ß1-Subunit of the calcium-sensitive potassium channel modulates the pulmonary vascular smooth muscle cell response to hypoxia

Elizabeth A. Barnes, Lori Lee, Shayna L. Barnes, Robert Brenner, Cristina M. Alvira, David N. Cornfield

Research output: Contribution to journalArticle

2 Scopus citations

Abstract

Accessory subunits associated with the calcium-sensitive potassium channel (BKCa), a major determinant of vascular tone, confer functional and anatomical diversity. The ß1 subunit increases Ca2+ and voltagesensitivity of the BKCa channel and is expressed exclusively in smooth muscle cells. Evidence supporting the physiological significance of the ß1 subunit includes the observations that murine models with deletion of the ß1 subunit are hypertensive and that humans with a gain-of-function ß1 mutation are at a decreased risk of diastolic hypertension. However, whether the ß1 subunit of the BKCa channel contributes to the low tone that characterizes the normal pulmonary circulation or modulates the pulmonary vascular response to hypoxia remains unknown. To determine the role of the BKCa channel ß1 subunit in the regulation of pulmonary vascular tone and the response to acute and chronic hypoxia, mice with deletion of the Kcnmb1 gene that encodes for the ß1 subunit (Kcnmb1-/-) were placed in chronic hypoxia (10% O2) for 21–24 days. In normoxia, right ventricular systolic pressure (RVSP) did not differ between Kcnmb1+/+ (con-trols) and Kcnmb1-/- mice. After exposure to either acute or chronic hypoxia, RVSP was higher in Kcnmb1-/- mice compared with Kcnmb1+/+ mice, without increased vascular remodeling. ß1 subunit expression was predominantly confined to pulmonary artery smooth muscle cells (PASMCs) from vessels < 150 μm. Peripheral PASMCs contracted collagen gels irrespective of ß1 expression. Focal adhesion expression and Rho kinase activity were greater in Kcnmb1-/- compared with Kcnmb1+/+ PASMCs. Compromised PASMC ß1 function may contribute to the heightened microvascular vasoconstriction that characterizes pulmonary hypertension.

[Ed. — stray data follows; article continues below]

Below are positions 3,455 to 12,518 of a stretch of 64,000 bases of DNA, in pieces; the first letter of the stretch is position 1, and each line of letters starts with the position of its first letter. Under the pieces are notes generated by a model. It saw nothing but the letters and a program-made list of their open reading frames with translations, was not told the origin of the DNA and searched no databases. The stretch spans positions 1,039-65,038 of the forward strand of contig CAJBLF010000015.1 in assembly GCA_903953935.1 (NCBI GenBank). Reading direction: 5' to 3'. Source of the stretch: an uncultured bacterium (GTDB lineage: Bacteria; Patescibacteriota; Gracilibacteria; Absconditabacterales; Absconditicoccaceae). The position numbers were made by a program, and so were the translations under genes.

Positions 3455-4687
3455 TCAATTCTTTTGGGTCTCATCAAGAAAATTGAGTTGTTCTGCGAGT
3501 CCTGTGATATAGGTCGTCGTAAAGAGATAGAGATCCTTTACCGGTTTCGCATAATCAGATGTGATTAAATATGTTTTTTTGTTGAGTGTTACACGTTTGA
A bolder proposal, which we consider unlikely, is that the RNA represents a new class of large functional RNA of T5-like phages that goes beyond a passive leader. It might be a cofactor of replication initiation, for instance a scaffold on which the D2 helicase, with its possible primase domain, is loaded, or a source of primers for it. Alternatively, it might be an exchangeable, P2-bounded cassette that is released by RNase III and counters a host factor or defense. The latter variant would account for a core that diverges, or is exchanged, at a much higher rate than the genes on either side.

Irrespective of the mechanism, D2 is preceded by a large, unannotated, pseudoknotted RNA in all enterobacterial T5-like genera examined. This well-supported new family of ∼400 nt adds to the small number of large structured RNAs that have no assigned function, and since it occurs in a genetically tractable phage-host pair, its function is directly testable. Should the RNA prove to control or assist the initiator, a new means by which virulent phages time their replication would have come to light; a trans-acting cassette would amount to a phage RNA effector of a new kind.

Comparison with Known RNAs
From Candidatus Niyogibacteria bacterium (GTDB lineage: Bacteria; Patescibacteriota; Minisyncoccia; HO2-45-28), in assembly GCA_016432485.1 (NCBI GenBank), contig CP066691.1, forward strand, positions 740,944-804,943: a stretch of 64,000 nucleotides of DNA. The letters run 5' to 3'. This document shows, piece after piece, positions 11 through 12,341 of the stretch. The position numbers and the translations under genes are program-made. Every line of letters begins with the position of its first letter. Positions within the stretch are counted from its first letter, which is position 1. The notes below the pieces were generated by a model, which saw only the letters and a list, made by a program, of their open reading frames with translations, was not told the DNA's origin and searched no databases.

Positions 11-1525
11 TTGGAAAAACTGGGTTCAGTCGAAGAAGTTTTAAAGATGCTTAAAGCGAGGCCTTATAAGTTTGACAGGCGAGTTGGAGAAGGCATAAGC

Original languageEnglish (US)
Pages (from-to)L265-L275
JournalAmerican Journal of Physiology - Lung Cellular and Molecular Physiology
Volume315
Issue number2
DOIs
StatePublished - Aug 2018

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Keywords

  • Focal adhesions
  • MaxiK channel
  • Microvasculature
  • Pulmonary artery smooth muscle cells
  • Rho kinase

ASJC Scopus subject areas

  • Physiology
  • Pulmonary and Respiratory Medicine
  • Physiology (medical)
  • Cell Biology

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